KABUL, (Reuters) – The United States and Afghanistan are expected to sign a deal on the transfer of U.S.-run detention centers to Afghan authorities on Friday, two Afghan officials said, improving the prospects of a strategic partnership allowing long-term U.S. involvement in the country.
The Foreign Ministry later said Afghan Defense Minister Gen. Abdul Rahim Wardak and Gen. John Allen, the commander of U.S. forces in Afghanistan, would sign an MOU.
The Strategic Partnership Agreement, which Washington and Kabul have been discussing for over a year, will be the framework for U.S. involvement in Afghanistan beyond 2014, when the last foreign combat troops are due to leave Afghanistan.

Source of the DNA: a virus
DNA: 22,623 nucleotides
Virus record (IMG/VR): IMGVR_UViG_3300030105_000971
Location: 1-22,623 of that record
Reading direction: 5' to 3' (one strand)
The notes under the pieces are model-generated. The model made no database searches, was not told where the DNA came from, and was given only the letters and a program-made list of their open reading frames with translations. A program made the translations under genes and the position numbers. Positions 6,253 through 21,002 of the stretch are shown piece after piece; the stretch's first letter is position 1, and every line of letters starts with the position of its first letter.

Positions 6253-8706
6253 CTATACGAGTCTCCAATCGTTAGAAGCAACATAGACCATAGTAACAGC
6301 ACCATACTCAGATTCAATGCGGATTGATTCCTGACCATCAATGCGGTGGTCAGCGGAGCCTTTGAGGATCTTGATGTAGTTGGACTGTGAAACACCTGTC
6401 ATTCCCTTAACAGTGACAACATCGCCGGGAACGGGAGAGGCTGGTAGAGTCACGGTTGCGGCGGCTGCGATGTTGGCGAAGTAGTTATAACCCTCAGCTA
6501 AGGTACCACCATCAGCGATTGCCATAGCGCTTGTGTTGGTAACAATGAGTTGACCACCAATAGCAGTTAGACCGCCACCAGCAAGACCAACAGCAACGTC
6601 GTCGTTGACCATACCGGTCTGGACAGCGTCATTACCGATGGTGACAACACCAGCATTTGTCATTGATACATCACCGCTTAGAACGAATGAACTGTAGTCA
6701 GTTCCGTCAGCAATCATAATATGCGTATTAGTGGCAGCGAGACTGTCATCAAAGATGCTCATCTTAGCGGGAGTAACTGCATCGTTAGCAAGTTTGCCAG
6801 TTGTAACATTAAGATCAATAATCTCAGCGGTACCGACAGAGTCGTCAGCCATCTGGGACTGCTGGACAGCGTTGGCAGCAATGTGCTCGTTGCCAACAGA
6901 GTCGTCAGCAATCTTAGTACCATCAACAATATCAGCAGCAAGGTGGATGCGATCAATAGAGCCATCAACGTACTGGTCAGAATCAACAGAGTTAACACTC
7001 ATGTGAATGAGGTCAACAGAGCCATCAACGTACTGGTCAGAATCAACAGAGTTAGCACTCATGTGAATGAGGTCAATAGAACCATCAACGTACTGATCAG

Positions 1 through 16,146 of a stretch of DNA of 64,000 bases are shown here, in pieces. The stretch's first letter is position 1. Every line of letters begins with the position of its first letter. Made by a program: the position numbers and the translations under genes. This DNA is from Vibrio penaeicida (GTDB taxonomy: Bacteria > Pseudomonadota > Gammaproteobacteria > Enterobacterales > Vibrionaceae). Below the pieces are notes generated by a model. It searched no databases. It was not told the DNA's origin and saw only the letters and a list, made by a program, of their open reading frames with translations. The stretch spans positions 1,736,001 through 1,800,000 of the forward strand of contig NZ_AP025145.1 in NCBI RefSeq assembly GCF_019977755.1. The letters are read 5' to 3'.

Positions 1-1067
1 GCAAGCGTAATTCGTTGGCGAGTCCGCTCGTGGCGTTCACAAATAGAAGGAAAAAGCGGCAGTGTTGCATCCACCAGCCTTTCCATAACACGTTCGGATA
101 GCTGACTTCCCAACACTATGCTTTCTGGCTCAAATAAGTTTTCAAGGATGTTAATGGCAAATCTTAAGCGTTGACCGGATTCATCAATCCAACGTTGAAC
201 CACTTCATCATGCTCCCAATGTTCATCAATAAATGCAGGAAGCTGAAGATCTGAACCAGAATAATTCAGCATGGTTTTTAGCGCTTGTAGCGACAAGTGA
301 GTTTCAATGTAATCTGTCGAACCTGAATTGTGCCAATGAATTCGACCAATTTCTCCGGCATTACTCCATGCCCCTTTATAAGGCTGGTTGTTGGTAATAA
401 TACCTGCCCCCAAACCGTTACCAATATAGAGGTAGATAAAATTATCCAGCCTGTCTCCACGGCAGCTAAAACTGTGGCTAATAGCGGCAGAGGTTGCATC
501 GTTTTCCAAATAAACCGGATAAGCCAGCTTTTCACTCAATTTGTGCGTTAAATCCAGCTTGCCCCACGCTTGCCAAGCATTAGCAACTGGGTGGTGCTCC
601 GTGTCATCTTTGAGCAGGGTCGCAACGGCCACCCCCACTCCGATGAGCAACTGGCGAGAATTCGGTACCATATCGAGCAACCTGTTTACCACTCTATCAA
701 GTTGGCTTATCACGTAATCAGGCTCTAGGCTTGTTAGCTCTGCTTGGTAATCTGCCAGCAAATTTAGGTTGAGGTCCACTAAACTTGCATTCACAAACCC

Afghanistan wants the United States and NATO to agree to stop carrying out night raids on Afghan homes as a precondition for signing an agreement with Washington and a timeline to assume control over detention centers.
The Obama administration has been hoping it can conclude an agreement before a meeting of NATO leaders in Chicago in May.
While the document would not nail down details, it is expected to contain an agreement in principle to some sort of long-term U.S. military presence in Afghanistan.
A failure to broker a deal might strain U.S.-Afghan relations and increase the chances of prolonged instability in Afghanistan.
The latest round of talks has been complicated by tensions over the burning of copies of the Muslim holy book at a NATO base, which triggered violent protests and prompted some Afghan security forces to turn their weapons on American soldiers.